They call our students at risk but the truth is white supremacy is at risk.. Of crumbling.

I don’t want to live in a city where I can’t stay in my neighborhood because I can’t afford it.

The core message being that all these issues are interconnected. We have to fight them all if we want a more just society and better learning/living conditions for our students. And that we need to do more than intellectualize; we need to fight.


Here is the full workshop schedule from TSJCF 2015.

Personally, I attended the following

“Desks Feel Like Caskets:” Youth Voices on Education
(Adam Gottlieb & Diana Zwinak, Revolutionary Poets Brigade Chicago).

The RPBCHI offers a sample of a workshop we wish to provide at no cost for educators and young people throughout Chicago. Local schools can invite teaching artists to classrooms to encourage students to think and write about their experiences in the public school system, and tell stories about classroom realities. Inspired by models, students discuss their experiences, what they value or would change, and describe their idea of a quality education.

The “Desks Feel Like Caskets” workshop taught us how to run a poetry workshop for our students/gave us a taste of what RPB Chicago wants to offer educators. I was already familiar with the Young Chicago Authors method of teaching poetry so I didn’t necessarily leave with anything “new.” But it was great for touching base on how to teach this content and for having productive conversations with fellow educators. Getting to say hi to Adam Gottlieb, a poet I met at a YCA open mic, was an added bonus. Wonderful guy whose poetry you can find on youtube and who was one of the main students featured in the Louder Than A Bomb documentary (available on Netflix).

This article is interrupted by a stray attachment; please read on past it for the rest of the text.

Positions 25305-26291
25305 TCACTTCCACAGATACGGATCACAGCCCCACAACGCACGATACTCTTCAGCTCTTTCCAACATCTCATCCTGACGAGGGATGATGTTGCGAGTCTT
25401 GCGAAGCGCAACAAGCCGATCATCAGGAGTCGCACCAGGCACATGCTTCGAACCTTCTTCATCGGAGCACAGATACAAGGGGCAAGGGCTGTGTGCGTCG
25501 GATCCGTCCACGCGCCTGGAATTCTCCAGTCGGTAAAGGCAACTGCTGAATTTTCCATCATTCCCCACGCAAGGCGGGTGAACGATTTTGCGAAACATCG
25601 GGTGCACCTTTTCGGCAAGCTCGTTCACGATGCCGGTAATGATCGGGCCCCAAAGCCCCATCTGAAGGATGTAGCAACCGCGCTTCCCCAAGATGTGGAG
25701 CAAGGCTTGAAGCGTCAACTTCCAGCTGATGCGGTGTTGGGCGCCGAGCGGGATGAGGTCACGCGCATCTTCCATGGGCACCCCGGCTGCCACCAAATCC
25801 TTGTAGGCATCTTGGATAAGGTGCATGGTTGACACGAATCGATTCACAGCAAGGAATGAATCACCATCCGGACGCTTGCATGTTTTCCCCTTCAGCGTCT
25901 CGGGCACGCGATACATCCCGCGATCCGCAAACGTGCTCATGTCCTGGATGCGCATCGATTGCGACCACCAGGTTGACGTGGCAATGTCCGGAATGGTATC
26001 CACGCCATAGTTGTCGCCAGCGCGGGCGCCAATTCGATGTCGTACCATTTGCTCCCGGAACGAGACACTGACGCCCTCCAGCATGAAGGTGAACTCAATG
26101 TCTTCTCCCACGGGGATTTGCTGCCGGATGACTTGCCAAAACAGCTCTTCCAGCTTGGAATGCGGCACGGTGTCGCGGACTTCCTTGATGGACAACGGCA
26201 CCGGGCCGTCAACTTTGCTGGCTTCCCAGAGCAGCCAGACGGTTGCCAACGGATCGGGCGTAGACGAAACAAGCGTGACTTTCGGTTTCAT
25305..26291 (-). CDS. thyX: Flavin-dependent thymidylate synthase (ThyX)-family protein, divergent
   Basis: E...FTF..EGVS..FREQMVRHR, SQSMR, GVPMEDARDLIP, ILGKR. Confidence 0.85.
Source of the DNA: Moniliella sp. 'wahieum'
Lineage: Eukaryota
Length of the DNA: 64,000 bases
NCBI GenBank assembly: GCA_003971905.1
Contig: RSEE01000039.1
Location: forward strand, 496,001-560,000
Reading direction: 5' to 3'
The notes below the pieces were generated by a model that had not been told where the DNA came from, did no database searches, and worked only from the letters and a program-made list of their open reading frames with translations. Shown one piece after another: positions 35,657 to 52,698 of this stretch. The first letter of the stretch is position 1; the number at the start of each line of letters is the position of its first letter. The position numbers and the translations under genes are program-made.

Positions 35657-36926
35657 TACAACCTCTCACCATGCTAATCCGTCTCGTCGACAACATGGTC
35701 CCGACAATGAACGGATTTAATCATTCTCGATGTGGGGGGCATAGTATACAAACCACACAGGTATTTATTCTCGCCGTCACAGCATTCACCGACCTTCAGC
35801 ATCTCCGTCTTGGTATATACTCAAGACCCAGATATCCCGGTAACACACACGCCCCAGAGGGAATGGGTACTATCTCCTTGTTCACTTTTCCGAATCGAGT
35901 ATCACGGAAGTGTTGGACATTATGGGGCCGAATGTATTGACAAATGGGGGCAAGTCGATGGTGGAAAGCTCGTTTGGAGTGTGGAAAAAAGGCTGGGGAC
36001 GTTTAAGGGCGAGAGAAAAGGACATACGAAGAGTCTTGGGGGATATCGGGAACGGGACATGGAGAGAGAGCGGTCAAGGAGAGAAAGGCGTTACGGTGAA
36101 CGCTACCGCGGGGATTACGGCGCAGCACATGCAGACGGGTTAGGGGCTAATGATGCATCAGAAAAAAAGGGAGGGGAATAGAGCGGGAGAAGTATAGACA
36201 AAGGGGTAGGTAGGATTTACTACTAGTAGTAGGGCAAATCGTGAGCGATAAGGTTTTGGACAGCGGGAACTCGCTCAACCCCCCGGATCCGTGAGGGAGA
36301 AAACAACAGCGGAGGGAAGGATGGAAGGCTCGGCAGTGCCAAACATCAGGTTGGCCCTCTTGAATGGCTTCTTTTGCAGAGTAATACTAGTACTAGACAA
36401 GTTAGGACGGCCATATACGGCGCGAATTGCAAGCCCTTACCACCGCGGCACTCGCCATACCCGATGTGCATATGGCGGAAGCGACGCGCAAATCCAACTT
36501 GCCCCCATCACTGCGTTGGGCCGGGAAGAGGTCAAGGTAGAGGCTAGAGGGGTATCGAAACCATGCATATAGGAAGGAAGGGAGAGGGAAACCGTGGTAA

Rethinking Sexism, Gender, and Sexuality Now: Teachers’ and Students’ Own Approaches for K-12 Classrooms. (Boyd Bellinger, UIC; Rachel L. S. Harper, Depaul/UIC; Mark Sujak, Morton East High School; Melissa Bollow Tempel, Rethinking Schools).

Where does sexism show up in 2nd grade?  Should 6th graders get to choose which gender bathroom they use?  What do LGBTQIA terms mean for my teaching?  Teach sex ed in Health or Social Studies?  We all struggle with many issues around gender and sexuality at school.  Participants will leave this welcoming workshop with implementable curriculum, and lots of resources from a new book of teachers’ tested approaches, to support your specific students.

To be honest, this workshop felt a little unstructured and because of that I didn’t get as much out of it as I had hoped. Though, to their credit, it’s a HUGE topic to try and cover. One thing I will say is it did illuminate some new perspectives for me. For instance, we did an exercise where we thought of gender as a spectrum (Pink girls, blue boys, purple in between), then we were prompted to “look at where you fall on this spectrum… picture that color… now look at the color your parents would want you to be… now look at the color you are at work… now look at the color you are when you’re with your partner…” Noticing the shifts that occurred depending on the circumstance really made me think about the fluidity of gender and how contextualized/learned it is.

In closing, the Teachers for Social Justice Curriculum Fair was a really worth while experience. I left with lesson plans, resources, and org info in hand. And, most importantly, I left feeling inspired.

At the end of a long week of teaching, that’s the best gift I could ask for.